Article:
Climbing the Eastern Seaboard
After the show, Jonas took us to an apartment complex where we could go swimming. We cracked three more of the stolen beers, flung off our clothes and enjoyed a much-needed swim. When a crew of kids- more run-off from the show- appeared we joked that we became successively more naked as each figure came lumbering up the stairs.
Jonas and Erica live on a shady lane n a tiny house that used to be part of a hippie commune in the ‘60s called “Fort Ganga.” They retained the name for their house. Jonas made us some delicious snack out of tomatoes, beans and kale and we slept well. In the morning I met up with my friend Kathy who was preparing to move back to New York. I helped her transport a carload of heavy boxes to the mailbox and we ran other assorted errands and caught up on our lives. Kathy always amazes me.
Leaving Gainesville, we began our ascent along the eastern seaboard; next stop was Charleston South Caroline where we waylaid for two days to pick up our friend josh, just back from several months in Europe and staying there with his parents. The drive was only supposed to take 5 hours but due to some small interstate highway snafu it took 9. Josh was waiting for us faithfully outside a Wendy’s on the side of the road in a pink hat, little orange shorts and ratty espadrilles. It was midnight and after some aimless wandering we decided there was only one thing to do really: get some beer and go to the beach.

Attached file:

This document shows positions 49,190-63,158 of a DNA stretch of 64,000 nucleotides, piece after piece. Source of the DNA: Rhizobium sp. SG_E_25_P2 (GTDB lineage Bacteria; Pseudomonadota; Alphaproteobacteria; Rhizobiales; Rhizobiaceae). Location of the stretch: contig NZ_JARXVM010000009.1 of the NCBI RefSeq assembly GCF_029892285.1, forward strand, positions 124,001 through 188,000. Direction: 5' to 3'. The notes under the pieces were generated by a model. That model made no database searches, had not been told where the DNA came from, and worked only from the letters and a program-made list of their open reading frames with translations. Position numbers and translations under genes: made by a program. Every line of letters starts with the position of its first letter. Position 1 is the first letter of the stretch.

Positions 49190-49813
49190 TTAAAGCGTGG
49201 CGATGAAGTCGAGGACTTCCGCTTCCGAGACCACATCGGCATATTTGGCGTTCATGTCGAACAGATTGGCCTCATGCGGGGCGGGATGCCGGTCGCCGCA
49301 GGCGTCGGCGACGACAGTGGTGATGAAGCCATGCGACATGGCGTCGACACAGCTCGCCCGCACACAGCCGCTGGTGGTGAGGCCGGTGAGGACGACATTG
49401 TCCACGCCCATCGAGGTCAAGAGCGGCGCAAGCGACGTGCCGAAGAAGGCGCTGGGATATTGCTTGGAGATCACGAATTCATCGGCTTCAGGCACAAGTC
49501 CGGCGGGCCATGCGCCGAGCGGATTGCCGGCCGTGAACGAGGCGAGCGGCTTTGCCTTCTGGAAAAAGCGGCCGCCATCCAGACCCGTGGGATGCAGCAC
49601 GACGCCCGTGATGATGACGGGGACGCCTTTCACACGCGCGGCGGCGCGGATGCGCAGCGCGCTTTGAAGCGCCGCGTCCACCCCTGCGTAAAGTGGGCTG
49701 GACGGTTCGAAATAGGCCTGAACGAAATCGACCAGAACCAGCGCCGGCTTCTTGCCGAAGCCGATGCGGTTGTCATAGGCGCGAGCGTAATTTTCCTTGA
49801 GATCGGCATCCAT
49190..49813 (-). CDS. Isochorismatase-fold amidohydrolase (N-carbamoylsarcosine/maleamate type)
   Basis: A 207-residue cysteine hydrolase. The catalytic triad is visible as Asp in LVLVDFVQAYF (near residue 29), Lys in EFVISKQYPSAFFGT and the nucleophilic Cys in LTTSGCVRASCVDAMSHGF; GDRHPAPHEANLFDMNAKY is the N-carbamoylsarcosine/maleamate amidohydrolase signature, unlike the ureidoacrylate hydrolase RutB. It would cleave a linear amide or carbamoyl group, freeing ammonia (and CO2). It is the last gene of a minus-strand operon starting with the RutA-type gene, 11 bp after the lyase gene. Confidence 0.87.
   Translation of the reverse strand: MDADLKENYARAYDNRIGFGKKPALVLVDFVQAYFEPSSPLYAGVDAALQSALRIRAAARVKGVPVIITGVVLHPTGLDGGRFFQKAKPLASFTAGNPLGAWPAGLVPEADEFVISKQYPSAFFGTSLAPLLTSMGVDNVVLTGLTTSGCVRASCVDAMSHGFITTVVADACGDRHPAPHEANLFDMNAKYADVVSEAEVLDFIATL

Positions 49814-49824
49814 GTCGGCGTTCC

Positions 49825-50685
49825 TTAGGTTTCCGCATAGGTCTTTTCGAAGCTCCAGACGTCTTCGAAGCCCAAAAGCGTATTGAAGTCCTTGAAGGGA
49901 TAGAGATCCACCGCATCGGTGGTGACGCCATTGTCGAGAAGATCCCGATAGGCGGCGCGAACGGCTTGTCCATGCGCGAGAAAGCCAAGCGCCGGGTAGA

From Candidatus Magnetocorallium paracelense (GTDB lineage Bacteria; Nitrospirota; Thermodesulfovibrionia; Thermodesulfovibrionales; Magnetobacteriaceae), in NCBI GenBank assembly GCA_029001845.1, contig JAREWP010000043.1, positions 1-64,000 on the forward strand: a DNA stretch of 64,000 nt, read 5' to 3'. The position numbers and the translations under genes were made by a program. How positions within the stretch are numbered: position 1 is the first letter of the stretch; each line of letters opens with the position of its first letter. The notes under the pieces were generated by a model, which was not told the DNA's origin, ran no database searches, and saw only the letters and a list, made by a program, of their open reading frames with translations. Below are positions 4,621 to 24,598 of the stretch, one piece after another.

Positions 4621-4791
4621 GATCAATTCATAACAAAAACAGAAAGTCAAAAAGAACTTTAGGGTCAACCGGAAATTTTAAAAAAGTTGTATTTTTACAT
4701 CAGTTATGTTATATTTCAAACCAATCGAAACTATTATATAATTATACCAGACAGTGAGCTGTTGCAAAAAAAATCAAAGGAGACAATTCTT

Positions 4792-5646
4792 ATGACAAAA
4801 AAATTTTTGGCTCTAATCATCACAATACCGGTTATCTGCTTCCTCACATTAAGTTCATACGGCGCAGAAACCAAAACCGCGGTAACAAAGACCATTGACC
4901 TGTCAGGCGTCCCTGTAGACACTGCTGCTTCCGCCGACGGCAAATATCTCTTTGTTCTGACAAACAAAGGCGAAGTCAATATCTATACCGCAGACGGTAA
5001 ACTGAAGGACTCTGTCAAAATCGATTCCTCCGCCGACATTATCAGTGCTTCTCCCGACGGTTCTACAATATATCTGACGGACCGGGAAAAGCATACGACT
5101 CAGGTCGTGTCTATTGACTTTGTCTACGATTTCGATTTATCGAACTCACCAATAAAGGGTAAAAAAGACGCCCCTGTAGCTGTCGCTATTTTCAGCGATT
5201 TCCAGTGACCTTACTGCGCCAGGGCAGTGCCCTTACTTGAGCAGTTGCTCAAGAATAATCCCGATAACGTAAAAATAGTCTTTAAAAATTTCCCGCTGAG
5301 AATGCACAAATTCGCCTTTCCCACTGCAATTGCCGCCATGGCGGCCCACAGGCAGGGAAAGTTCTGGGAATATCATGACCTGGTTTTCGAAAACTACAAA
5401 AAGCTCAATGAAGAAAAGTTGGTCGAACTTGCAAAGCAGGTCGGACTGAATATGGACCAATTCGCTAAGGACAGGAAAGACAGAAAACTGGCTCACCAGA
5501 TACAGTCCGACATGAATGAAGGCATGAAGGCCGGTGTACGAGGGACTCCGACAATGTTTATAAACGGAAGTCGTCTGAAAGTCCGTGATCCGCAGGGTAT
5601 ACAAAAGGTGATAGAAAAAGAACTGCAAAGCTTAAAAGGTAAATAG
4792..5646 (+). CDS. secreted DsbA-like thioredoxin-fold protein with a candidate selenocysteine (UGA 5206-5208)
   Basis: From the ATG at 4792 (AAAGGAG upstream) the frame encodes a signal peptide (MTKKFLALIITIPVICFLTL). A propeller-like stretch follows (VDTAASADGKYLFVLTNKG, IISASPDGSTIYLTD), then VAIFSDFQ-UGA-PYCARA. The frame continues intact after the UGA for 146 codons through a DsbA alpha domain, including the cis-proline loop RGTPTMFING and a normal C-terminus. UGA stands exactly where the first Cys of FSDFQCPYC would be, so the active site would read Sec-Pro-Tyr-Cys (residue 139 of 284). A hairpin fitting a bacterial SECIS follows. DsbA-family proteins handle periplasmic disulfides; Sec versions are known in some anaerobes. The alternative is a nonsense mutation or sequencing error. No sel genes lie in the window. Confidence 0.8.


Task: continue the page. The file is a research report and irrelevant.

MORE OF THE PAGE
In one week we had traversed the country and it confused me to be on the atlantic coast. The beach was empty and infinite. The moon, just one day shy of full, radiated brilliantly, illuminating the gentle waves and turning the silver clouds drifting through the sky to diaphanous tinsel. In the distance, a ship loomed, its windows and lanterns like yellow holes in the night. We didn’t speak of the beauty but surely everyone was affected; we took our turns wandering away from the group and staring in silent awe. We’re a family now and as such, the trope of naked swimming has solidified. We took off our clothes and ran into the Ocean, the water warm and inviting even at that desolate hour. There we were, five of us, bobbing in the black expanse, drinking our beers, we ran up and down the beach and doing yoga in the moonlight. The water and air were so warm we didn’t need towels or to put our clothes on for quite sometime. Decently inebriated and besotted with awe, we returned to josh’s parents cozy house where we cooked bocca burgers and then, despite the existence of another room, piled into the big one together sleeping long and well.